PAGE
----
After sitting on the tarmac for almost six hours in Wuhan and then circling off-shore, we finally arrived in Hong Kong, made our way through the immigration
and met up with Randy our local guide. When we were on the bus Evan greeted as he did each time we had been on a bus together with ‘Ni hao.’
“Now it is Nei ho ma,” I responded.
“That’s right,” Randy replied. “Someone knows Cantonese. Or, you can say lay ho.”
I actually only remember a few words of Cantonese and had been trying not to think of them while I needed to remember my newly-learned Mandarin.
As the bus whisked us on the freeway to our hotel on Hong Kong Island – a 40 minute drive through rush hour traffic, past the shipyards
I thought about the last time I arrived in Hong Kong – a very different experience.
In early September, 1961 JoAnn Yee (now Lee) and I disembarked from the SS President Cleveland at Kowloon, Hong Kong after our twenty-one day journey across the Pacific.
The heat and humidity enveloped us as we searched for the person from Chung Chi College who would be meeting us.
Soon we were driving through Kowloon where we saw rickshaws,
and street vendors.
It was a whole new world.
I had picked Chung Chi College for my Junior Year Abroad experience sponsored by the Presbyterian Church thinking it would be a place I would not have a chance to visit again. However, by time I was leaving mid-June, 1962, I wrote home “When I leave my friends here it won’t be with ‘Good-bye’, but hopefully with ‘Till we meet again.’ “
It had been fifty-five years.
Kai Tak Airport, which I had flown out of when I left Hong Kong, had been tucked right in the harbor. Randy told us the new airport had been built at its current location on Lantau Island in 1998. To reach Lantau Island in 1961, I rode on a ferry. Today, a causeway connects the island to Kowloon. Lantau Island is also where Disneyland Hong Kong is located!
On our first morning in Hong Kong, Randy took us to a variety of locations on Hong Kong Island. The bus drove us up Hong Kong Island’s notorious hills to a spot where we could enter the Central-Mid Level Escalator, the longest in the world. “80 – 90,000 passengers ride the escalator each day. It keeps people out of vehicles,” Randy explained. “It goes down until 10:30 in the morning, and then it reverses and goes up the rest of the day.”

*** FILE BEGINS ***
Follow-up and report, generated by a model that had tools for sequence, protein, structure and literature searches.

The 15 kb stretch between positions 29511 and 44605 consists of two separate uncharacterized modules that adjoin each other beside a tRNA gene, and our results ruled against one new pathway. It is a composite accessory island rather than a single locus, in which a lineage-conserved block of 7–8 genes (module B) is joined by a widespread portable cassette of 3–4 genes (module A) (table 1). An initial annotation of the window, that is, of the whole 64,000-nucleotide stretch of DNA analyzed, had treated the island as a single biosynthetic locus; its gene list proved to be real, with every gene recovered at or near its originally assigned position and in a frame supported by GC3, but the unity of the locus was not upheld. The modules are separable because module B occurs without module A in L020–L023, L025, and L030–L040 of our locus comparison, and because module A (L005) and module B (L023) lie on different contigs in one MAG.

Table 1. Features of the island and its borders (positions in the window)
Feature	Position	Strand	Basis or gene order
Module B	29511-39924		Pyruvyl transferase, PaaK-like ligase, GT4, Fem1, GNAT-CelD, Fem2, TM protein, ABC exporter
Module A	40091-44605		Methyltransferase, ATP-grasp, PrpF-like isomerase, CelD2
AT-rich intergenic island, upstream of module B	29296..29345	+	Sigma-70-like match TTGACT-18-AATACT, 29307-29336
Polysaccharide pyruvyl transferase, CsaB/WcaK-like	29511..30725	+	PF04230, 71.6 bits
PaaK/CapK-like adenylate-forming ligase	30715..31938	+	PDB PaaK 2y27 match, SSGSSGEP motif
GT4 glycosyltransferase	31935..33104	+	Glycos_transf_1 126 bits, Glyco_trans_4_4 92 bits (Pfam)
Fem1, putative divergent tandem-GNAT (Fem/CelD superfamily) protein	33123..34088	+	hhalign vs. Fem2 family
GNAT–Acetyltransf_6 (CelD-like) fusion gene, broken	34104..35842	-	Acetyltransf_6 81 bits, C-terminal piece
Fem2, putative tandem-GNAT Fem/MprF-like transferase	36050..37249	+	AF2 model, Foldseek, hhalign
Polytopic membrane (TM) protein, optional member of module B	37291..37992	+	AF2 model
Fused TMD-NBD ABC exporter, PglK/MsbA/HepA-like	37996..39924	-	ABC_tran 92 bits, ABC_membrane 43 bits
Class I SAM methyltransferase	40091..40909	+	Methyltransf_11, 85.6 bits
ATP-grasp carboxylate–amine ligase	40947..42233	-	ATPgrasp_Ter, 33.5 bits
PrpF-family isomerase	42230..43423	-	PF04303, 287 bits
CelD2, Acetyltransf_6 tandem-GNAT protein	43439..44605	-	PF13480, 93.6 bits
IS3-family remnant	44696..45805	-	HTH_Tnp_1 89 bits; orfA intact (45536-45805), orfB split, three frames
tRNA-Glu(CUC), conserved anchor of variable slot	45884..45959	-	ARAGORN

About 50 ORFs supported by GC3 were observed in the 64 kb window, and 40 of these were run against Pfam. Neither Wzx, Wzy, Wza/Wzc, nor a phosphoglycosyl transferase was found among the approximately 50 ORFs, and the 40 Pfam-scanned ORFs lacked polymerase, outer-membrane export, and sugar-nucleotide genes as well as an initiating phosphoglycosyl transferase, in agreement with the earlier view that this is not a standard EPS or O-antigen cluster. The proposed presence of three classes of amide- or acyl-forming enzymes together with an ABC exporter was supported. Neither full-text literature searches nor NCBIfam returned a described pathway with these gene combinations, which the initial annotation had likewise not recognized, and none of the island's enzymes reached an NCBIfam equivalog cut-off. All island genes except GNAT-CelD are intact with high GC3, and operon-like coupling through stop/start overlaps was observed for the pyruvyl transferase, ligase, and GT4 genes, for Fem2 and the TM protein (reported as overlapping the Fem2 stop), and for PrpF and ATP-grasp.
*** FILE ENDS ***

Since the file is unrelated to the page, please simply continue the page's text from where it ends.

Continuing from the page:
When we reached the bottom, we walked to Graham Street, a narrow lane lined with vendors. I was glad to see that these market streets still existed.
However, Randy explained that they would soon be phased out and the vendors would have the opportunity to rent space in a government building.
The street markets encompassed two lanes. We walked up one, past the meat market,
and down the other one. At the bottom was one of the modern skyscrapers.
Our next stop was at the Man Mo Temple.
I remember visiting it shortly after arriving in Hong Kong in 1961.
While eating at the Floating Restaurant was not on the agenda,
we were able to ride in a sampan
around the noticeably smaller harbor area. Instead of boat people living on their junks, there are now large yachts moored along the edges of the harbor.
“What happened to the people who used to live on their boats?” I asked Randy.
“With the restrictions on the number of fish that can be caught, people needed to find other ways to make a living. The government relocated them to high rise apartments, and they now work at other jobs. Their children can go to school and have a better future,” Randy explained.
After a dim sum lunch,
we set out to learn the Metro system and explore the Tsim Sha Shui and Mong Kok areas of Kowloon. These were the areas I had traversed the most back in 1961.
Street scenes like this
have now been replaced with areas like the flower market street
and bird market street.
The tour offered an optional evening activity, Hong Kong at Night. I was glad that Jan had not wanted to sign up for this activity. I wanted to remember the Hong Kong at night of my youth.
The big event for me was visiting Chung Chi College again. The tour had left the last day free.